Ever thought that your clothing could be a source of pollution? It sure is. First, have you ever thought about where your clothing comes from and how it gets to be the colour that it is? Often the fabrics are synthetic (read into this plastic or other petroleum based products) and even if they are made from natural sources, they are almost certainly coloured using toxic dyes that need to be managed and disposed of somewhere.
Ok, we all need clothes, but we don’t need to change our clothes every year because the fashion has changed. In fact, fashion changes are invented and sustained by the people who profit from selling us the clothes. Let’s not be fooled by this.
We call all live with less clothes. We don’t have to follow the fashions. We can use clothing from more environmentally friendly sources like hemp and bamboo, and we can wear naturally coloured items. Again, we have a lot of power and we can stop polluting.
Using nuclear energy
Nuclear energy is considered these days as a “clean” form of energy. But let’s not forget that nasty radioactive waste that needs to be dealt with. It’s easy to forget about this as long as the radioactive waste is stored somewhere else, but we certainly wouldn’t want it stored next to our home. This waste is polluting the world even if not as obvious as burning oil and gas.
Cleaning your home
“What?” I hear you say. How can cleaning your home cause pollution? Have you ever wondered where your cleaning products have come from and what’s in them? First of all, any aerosol can that you have has a propellent in it as that’s what’s needed to get the stuff out, and this propellent is almost always a petroleum product. Ah, oil and gas again and now we’re spraying it around our homes. In fact, when you spray an aerosol, most of what comes out is the propellent.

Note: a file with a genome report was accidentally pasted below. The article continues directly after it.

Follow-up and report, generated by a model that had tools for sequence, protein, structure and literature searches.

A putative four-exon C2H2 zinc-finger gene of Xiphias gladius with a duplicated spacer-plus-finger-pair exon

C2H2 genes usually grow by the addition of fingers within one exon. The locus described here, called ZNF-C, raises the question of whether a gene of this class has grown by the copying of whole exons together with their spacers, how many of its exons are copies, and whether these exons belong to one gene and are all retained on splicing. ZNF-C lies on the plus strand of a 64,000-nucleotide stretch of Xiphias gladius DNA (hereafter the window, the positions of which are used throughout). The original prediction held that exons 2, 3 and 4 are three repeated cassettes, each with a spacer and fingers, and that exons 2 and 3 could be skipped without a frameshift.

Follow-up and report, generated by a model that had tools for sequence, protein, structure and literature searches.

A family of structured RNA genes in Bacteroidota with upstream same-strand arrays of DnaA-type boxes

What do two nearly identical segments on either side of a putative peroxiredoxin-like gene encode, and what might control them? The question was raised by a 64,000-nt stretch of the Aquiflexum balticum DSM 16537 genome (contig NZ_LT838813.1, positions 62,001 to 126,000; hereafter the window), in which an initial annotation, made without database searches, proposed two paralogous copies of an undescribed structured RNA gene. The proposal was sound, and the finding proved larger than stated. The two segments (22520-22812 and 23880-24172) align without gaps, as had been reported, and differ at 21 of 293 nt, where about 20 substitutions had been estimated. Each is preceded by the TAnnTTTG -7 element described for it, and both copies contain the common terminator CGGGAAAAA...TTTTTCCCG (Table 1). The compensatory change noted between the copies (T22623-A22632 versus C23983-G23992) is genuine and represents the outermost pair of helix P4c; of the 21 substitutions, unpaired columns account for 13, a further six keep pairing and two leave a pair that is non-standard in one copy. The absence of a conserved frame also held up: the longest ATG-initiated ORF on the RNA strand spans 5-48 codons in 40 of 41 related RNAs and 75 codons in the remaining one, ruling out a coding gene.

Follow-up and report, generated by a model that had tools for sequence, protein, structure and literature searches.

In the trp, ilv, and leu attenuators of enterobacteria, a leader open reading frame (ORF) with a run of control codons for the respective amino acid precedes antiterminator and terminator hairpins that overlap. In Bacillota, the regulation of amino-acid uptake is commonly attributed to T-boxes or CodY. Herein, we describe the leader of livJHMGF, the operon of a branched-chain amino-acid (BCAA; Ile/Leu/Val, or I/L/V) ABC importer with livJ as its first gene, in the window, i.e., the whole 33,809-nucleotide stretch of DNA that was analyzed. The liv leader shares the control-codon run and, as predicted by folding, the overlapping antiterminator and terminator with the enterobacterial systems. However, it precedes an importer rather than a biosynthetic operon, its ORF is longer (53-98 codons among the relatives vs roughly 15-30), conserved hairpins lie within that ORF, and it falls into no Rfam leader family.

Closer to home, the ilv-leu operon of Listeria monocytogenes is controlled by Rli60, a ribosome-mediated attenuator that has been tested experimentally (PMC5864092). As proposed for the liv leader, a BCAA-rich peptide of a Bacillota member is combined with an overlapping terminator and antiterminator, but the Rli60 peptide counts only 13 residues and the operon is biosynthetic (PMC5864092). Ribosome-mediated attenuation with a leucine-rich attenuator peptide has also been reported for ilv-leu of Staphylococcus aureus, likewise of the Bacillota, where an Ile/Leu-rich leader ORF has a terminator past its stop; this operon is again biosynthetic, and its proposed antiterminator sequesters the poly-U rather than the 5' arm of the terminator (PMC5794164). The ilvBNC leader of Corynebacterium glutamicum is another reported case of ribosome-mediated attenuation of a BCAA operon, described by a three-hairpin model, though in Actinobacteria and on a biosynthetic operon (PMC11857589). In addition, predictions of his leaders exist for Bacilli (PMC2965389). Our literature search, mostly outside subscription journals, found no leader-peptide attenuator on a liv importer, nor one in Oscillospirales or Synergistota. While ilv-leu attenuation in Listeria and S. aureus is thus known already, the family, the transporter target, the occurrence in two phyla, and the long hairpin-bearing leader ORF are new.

In addition, home cleaning products often have lots of synthetic chemicals, artificial colours and artificial fragrances (all to make you think the products are nice) and then we spray and smear these things all over the surfaces of our home. This is consistent low-level toxic pollution of our homes and our environment. It doesn’t make any sense to me.
We use electronics at a surprising rate these days. The big companies have used advertising to get us into the state where we want to change our electronics (to the latest model) even while they are working perfectly fine. What a great situation for these companies to profit from, and maybe we enjoy the new gadgets, but have we ever thought about where all the old electronics go? It’s a major pollution headache. There’s a good chance to recycle lots of the components but, at the very least, there are lots of small plastic parts that can’t be used again and these just become a horrible pollution issue.
If we decide to use our current electronics longer before we upgrade, we save money and create a little less pollution for the world too. What’s wrong with that? The consumer has the power to help stop polluting.
How do we stop polluting?
Here are three actions I believe could help us most quickly stop polluting.
Use less stuff so there’s less pollution